"Neuro-" refers to neurons, and "ethology" is the study of animal behavior, so "neuroethology" is a branch of science that seeks to understand the neural basis of natural animal behavior.

Neuroethology is a relatively young science. Early brain anatomists like Ramón y Cajal and Camillo Golgi revealed the intricate structure of brains and neurons, but it wasn't until the mid-20th century that researchers began to understand how neurons worked. Alan Hodgkin and Andrew Huxley (studying the giant axon of squid) worked out how neurons generated action potentials, researchers' ability to record from active neurons increased dramatically. Nevertheless, being able to record neural activity from an actively behaving animal remains a major challenge in many cases.

Similarly, the scientific study of animal behavior also bloomed in the middle of the last century. In the 1930s and 1940s, European researchers like Niko Tinbergen, Karl von Frisch and Konrad Lorenz broke from the physiological and lab-based research traditions and stressed observing animals in their natural surroundings. But Tinbergen in particular realized the need to join diverse disciplines. In his classic book The Study of Instinct (1951), he wrote, “(I)t is an urgent task of ethologists and neurophysiologists to join efforts in the training of ‘etho-physiologists.’”

Neuroethology arguably became a distinct research field, as opposed to a few talented but somewhat isolated scientists, in the late 1960s and early 1970s. This success was driven by steady technical advances in recording from, and identifying, individual neurons. The International Society for Neuroethology formed in Kassel, Germany in 1981.


About the logo

Former ISN president Randolf Menzel commissioned the ISN logo in the late 1980s. He wrote, “The idea I had in mind when I talked to the graphics person was to illustrate in an abstract form the concentric shells of different levels in neural systems (from neurons to cognition), the input-output relationships with the external world, and the communication between such abstract subjects in the ‘universe.’”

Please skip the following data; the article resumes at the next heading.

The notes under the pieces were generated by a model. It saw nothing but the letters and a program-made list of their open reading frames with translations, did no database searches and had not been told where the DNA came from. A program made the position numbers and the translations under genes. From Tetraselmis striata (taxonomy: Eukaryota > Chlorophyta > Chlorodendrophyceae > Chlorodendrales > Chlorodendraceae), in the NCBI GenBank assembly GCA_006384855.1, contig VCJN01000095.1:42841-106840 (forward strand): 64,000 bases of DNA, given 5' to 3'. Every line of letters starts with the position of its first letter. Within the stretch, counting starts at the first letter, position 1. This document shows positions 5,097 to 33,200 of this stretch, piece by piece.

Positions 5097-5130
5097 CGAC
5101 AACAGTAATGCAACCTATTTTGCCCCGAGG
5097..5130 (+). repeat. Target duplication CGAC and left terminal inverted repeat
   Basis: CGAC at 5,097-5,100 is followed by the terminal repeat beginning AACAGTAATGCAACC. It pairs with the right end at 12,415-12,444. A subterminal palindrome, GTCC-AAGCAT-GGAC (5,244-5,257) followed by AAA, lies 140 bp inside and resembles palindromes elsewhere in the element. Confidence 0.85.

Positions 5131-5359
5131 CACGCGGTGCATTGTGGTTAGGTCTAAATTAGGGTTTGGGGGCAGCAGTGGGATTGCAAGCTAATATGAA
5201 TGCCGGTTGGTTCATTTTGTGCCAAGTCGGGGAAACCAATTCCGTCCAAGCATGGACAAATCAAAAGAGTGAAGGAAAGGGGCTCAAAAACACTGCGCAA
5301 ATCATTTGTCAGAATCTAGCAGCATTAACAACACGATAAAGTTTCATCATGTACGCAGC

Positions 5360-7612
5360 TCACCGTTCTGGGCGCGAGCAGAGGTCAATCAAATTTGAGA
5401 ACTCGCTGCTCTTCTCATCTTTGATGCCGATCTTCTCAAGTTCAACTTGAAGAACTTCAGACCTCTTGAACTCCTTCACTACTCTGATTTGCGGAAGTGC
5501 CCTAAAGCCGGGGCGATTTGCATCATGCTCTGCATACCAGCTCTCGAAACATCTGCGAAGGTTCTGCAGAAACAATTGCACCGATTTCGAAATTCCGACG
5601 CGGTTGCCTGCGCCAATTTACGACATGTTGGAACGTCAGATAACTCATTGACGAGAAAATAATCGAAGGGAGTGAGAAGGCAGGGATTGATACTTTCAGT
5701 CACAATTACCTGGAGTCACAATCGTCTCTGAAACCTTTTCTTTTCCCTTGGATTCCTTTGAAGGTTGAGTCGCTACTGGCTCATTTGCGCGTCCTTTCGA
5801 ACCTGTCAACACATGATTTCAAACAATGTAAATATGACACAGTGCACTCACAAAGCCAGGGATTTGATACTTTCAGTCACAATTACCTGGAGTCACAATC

About ISN

ISN is a scholarly society devoted to neuroethology: the study of how nervous systems generate natural behaviour in animals.

"The intent is to bring together neuroscientists and ethologists to advance our understanding of the neural basis of behaviour in animals, whether they be vertebrates or invertebrates. There is an intrinsic interest in explaining the huge range of behaviour shown by many different sorts of animals, but also in exploiting this diversity to illuminate basic principals of the organisation and design of brains in general. A continuing driving force is therefore the expectation that the study of neural mechanisms underlying a specific behaviour in a particular animal will elucidate mechanisms that are more generally applicable. Thus the specializations of owls for hearing have given insights into how sounds can be localized, the relative simplicity of the spinal cord of lampreys has told us much about the connectivity and pharmacology of neurons involved in generating locomotion, and the detailed analysis of small networks in crabs, leeches and insects continually reveal unexpected mechanisms that must be incorporated into our thinking about the functioning of more complex brains."

—from Preface, Nervous Systems and Behaviour, 1995, Georg Thieme Verlag: Stuttgart.